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We must secure access to finance for our defence industry

16 Juin 2022 | Eurosatory Report

These are truly dramatic and turbulent times for our continent’s
security and defence, with many uncertainties and challenges laying
ahead. Russia’s unjustifiable aggression war in Ukraine, with all its
human suffering and potential repercussions on Europe’s security
and defence architecture, is at the centre of attention. Meanwhile, in
the shadow of the headlines, a more sober debate is ongoing at EU
level, one that could also massively impact the EU’s future defence
clout: the defence industry’s future access to finance. Many
companies, especially small and medium-sized ones, testify that they
struggle to access finance on capital markets and, in some cases,
even other financial services, such as insurances. Access to finance
and services is, as we all know, critical for the industry’s financial
viability and competitiveness.
There has been much focus recently on certain legislative and policy
proposals by, and from within, the European Commission concerning
Environmental, Social and Governance (ESG) criteria in the context of
the EU’s Green Deal. These proposals would have significant negative
consequences for Europe’s Defence Industrial and Technological
Base (EDITB), although efforts have already been made to lessen
their impact on the defence sector. Besides the risk of setting a
stringent regulatory framework that would effectively bar the
EDTIB’s access to finance on capital markets, these proposals would
also have a normative effect in the sense that the regulator, in this
case, the European Commission, would send a clear signal to
financial markets on the undesirability of investments in the defence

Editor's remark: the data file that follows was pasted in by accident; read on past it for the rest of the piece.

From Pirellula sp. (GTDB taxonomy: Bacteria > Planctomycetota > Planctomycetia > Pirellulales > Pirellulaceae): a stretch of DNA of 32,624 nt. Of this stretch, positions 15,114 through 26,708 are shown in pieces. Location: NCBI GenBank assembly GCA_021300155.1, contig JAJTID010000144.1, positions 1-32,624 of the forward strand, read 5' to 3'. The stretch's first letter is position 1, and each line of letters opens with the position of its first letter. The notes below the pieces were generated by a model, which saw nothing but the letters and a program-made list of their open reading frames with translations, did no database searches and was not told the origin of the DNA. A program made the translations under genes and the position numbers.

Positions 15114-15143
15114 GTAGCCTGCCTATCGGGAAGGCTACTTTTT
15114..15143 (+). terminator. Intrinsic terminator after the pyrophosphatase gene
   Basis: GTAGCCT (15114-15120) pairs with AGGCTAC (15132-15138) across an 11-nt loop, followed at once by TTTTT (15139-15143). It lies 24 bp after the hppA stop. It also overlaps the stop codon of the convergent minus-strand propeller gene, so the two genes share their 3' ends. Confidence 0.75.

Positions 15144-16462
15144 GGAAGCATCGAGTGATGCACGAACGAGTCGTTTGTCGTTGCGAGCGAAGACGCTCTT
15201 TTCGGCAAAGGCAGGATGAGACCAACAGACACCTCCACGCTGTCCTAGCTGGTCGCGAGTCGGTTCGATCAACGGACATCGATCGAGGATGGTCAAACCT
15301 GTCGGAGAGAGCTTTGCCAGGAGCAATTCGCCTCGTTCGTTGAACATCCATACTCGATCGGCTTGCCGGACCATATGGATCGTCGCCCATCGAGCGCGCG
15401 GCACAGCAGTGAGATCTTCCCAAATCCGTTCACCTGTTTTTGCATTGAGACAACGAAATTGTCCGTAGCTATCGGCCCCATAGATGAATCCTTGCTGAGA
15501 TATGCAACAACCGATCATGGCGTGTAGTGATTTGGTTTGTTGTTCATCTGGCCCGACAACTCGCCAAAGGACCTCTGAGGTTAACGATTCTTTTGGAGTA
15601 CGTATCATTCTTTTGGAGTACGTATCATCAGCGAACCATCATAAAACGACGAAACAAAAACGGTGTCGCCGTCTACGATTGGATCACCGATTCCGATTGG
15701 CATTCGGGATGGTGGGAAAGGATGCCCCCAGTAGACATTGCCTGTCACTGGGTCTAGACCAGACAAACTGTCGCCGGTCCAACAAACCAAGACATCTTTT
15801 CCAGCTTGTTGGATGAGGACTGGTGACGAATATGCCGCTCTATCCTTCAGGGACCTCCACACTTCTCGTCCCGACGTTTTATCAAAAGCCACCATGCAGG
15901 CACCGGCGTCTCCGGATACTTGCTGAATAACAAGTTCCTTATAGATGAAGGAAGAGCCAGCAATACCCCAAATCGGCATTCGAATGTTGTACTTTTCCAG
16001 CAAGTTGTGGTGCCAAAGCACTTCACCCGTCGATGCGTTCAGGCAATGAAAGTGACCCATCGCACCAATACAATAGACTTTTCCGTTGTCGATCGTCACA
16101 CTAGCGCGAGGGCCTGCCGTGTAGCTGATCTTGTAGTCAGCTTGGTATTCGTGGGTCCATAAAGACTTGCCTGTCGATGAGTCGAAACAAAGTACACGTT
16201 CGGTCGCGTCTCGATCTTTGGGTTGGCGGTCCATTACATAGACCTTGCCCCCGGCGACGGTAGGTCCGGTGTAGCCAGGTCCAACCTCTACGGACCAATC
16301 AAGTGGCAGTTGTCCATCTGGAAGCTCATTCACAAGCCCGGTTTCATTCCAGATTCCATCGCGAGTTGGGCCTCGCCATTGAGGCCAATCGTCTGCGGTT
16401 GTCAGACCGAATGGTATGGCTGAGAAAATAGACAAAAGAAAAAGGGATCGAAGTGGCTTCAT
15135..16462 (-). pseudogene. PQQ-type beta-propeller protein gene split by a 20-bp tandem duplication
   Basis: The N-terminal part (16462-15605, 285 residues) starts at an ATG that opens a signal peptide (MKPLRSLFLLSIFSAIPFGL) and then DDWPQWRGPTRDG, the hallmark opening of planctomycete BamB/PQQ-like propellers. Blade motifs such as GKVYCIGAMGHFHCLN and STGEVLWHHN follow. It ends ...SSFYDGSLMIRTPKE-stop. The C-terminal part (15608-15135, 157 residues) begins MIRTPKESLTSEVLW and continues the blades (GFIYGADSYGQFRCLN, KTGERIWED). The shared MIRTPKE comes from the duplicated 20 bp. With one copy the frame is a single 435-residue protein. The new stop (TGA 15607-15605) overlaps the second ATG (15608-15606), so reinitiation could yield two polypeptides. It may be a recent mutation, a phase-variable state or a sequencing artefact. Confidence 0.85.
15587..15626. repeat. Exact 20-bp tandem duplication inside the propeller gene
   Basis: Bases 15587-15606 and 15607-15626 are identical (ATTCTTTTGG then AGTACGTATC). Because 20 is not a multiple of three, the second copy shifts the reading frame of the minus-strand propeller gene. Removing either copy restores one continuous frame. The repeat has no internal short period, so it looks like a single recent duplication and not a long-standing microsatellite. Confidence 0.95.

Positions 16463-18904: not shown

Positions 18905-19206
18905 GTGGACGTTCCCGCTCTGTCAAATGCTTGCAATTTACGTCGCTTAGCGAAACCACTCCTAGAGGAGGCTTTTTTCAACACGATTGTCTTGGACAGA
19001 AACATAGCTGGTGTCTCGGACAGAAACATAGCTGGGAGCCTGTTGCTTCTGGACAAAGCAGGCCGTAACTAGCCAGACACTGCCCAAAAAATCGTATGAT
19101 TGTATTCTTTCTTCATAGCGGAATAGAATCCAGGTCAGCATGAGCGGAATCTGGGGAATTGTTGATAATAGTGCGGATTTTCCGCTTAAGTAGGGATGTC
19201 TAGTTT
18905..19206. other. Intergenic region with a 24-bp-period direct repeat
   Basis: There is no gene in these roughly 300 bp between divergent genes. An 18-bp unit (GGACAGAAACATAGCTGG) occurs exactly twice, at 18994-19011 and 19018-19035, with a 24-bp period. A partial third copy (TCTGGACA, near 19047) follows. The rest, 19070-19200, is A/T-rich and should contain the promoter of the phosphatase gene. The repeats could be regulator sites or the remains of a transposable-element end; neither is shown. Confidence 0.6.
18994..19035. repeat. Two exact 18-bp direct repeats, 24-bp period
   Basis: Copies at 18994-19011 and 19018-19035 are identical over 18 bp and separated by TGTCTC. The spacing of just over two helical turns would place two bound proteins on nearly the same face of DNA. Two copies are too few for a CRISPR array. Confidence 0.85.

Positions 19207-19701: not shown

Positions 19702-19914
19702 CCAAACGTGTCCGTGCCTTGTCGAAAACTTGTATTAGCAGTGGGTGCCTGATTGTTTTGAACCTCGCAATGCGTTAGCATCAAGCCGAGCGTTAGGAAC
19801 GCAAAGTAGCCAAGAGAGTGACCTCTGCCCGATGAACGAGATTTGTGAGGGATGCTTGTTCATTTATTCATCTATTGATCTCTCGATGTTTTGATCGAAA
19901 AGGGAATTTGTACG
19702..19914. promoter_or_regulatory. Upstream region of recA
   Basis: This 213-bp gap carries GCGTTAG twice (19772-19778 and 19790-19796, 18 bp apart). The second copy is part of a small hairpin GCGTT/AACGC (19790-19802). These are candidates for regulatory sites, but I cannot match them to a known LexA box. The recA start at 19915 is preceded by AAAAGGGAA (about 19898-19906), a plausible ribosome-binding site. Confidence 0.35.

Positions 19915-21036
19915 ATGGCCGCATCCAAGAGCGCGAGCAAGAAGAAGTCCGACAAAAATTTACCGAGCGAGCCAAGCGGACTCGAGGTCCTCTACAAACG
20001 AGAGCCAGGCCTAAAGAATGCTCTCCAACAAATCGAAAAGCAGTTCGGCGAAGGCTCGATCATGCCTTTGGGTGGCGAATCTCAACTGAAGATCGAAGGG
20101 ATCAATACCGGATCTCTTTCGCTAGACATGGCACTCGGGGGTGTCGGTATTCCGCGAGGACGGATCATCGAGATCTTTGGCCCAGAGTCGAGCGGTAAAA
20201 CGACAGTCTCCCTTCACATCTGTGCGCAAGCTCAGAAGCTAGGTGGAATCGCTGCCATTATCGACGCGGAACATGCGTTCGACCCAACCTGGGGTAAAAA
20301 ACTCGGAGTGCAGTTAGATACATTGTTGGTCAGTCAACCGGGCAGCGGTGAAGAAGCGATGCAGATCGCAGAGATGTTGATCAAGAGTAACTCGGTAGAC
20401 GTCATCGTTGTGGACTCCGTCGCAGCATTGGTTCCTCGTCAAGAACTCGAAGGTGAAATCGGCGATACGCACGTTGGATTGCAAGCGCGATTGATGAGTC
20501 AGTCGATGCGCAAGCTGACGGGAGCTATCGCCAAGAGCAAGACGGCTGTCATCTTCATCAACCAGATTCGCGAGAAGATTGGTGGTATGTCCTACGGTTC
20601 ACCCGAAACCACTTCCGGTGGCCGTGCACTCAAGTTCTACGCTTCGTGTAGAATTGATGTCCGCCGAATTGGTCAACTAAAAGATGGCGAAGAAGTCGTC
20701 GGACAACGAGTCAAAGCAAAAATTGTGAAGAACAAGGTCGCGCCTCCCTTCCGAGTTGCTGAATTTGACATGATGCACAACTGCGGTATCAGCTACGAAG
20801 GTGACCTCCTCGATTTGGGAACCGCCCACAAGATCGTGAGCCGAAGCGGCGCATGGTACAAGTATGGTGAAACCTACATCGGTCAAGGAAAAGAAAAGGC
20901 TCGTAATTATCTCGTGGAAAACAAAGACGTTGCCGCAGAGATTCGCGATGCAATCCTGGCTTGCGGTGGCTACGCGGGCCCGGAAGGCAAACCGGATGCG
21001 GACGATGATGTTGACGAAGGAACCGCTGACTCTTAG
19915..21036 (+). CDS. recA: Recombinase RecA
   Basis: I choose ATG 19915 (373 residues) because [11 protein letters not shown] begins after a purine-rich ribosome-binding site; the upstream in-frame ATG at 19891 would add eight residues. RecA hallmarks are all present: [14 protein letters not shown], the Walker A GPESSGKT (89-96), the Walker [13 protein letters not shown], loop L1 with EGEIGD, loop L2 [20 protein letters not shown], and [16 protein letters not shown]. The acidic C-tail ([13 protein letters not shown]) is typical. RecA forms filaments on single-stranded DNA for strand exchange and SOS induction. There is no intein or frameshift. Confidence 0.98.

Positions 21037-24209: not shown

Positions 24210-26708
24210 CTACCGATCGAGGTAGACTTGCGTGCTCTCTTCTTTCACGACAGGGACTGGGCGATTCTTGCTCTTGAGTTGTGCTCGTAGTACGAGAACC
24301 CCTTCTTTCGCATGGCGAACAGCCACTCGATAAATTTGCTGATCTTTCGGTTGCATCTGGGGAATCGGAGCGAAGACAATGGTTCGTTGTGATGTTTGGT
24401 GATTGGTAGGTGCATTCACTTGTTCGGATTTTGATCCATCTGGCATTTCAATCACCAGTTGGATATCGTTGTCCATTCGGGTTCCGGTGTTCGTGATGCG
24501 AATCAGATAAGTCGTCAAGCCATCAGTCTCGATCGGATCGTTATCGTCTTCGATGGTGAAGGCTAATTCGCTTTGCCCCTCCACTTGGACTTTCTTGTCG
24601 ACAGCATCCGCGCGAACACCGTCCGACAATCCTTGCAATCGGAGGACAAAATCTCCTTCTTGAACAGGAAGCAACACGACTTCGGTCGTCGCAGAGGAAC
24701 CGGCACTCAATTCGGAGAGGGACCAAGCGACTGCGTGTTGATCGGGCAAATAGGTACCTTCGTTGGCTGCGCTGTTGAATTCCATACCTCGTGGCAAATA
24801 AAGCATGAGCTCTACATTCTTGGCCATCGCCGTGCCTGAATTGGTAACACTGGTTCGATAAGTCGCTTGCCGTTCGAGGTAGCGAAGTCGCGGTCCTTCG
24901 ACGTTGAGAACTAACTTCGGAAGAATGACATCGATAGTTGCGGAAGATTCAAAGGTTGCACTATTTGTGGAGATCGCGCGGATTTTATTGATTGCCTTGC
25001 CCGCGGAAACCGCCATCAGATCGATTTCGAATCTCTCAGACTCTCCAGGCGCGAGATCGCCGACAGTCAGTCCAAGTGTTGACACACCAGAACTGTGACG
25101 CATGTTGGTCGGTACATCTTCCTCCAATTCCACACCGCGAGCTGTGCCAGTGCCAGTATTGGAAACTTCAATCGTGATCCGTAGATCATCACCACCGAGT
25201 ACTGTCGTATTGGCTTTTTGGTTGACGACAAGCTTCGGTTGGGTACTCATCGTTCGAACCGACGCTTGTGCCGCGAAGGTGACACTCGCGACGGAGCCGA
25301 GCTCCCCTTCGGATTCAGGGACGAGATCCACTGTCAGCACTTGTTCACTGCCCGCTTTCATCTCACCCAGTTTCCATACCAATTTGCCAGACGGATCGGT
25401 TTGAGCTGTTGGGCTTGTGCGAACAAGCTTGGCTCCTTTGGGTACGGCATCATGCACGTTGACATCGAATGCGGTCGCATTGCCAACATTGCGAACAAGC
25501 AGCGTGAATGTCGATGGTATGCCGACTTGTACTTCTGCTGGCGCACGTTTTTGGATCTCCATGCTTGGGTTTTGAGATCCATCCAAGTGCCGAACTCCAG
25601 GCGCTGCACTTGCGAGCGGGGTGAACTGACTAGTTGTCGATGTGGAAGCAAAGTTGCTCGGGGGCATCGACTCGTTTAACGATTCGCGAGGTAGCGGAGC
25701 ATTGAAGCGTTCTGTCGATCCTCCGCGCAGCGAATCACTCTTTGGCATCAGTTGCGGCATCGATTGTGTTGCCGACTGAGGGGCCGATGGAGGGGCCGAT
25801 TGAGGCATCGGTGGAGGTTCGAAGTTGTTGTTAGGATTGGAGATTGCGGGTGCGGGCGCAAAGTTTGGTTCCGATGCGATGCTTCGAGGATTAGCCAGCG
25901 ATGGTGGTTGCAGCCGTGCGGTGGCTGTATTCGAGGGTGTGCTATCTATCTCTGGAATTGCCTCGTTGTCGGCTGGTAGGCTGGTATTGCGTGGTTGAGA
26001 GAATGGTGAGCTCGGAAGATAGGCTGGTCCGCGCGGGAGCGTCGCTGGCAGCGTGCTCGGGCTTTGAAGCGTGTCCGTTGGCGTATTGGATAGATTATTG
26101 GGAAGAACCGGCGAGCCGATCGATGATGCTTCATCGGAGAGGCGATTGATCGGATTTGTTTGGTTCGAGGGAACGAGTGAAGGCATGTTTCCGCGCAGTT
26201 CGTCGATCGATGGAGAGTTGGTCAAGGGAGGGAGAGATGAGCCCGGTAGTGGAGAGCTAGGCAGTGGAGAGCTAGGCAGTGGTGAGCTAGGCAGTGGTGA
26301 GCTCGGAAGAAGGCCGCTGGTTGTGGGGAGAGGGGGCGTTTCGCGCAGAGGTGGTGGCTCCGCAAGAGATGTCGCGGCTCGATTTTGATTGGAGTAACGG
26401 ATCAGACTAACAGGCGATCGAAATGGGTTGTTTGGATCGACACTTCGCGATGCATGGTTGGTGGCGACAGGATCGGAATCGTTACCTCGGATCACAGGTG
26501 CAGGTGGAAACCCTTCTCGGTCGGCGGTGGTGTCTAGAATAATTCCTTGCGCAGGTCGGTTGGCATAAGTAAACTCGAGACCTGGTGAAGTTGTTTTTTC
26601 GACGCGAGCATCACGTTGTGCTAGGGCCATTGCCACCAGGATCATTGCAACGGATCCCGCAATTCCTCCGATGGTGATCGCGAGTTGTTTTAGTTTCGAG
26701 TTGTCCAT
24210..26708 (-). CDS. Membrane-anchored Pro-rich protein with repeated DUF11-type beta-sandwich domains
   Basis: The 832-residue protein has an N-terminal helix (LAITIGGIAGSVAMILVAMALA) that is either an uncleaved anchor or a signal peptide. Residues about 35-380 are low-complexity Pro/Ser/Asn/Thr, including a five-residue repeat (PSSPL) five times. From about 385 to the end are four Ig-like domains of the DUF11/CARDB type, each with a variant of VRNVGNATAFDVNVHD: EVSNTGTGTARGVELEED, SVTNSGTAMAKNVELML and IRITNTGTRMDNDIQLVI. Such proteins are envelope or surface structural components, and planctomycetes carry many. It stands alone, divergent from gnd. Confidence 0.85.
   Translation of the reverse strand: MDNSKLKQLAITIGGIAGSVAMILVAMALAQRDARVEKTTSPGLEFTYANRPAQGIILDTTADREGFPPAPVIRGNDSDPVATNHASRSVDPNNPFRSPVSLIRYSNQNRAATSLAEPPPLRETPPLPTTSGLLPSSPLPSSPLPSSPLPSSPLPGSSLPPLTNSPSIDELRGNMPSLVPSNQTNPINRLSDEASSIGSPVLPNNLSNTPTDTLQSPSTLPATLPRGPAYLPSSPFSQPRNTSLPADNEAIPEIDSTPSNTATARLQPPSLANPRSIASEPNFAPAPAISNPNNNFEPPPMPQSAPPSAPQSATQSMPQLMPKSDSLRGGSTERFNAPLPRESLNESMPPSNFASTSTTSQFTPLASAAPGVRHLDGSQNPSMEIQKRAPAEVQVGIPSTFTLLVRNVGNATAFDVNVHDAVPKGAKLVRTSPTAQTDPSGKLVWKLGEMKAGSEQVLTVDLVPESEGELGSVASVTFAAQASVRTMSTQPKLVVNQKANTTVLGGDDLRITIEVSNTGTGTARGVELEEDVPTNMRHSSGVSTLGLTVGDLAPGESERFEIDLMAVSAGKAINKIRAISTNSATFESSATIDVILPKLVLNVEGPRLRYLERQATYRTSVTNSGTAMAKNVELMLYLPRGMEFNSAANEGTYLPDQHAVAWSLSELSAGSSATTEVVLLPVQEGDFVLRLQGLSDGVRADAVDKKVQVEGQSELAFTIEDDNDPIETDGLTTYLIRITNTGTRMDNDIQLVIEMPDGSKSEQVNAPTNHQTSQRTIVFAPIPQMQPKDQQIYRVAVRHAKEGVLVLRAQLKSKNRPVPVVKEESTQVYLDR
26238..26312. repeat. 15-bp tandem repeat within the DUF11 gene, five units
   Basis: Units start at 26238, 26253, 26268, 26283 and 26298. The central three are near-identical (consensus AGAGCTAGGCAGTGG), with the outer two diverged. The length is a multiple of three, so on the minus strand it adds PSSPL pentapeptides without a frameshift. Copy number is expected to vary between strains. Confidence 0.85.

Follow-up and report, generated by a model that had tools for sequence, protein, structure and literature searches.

industry. For many years, banks and other financial institutions have
already had restrictive investment policies in place concerning the
defence industry. The proposals in question from the European
Commission would thus risk exacerbating the EDTIB’s already
restricted access to finance.
Political coherence
Nobody questions the importance of the EU’s Green Deal and the
urgent need to tackle climate change, quite the opposite. The EDTIB
is since long committed to the green and sustainable transition of
our societies. But with a war raging in Europe and a broad political
consensus that EU Member States’ Armed Forces urgently need to
modernise and strengthen their defence capabilities with the help of
a strong, vibrant, and competitive European defence industry, it
would be careless and even dangerous to jeopardise this industry’s
access to finance.
The bottom line is that EU policies must be coherent. We cannot, on
the one hand, aim to strengthen European defence with the help of
new initiatives such as the Coordinated Annual Review on Defence
(CARD), the Permanent Structured Cooperation (PESCO) and the
European Defence Fund (EDF) while, at the same time, adopting EU
legislation that excludes the defence industry from the financial
markets and jeopardises its overall competitiveness. This is
particularly true at a time when the EU’s ambition is to move
towards strategic autonomy. In addition to that, there are serious
long-term strategic risks involved. Because to build a stronger
European defence and guarantee a secure and stable future for our
citizens, we need a sovereign and competitive defence industrial and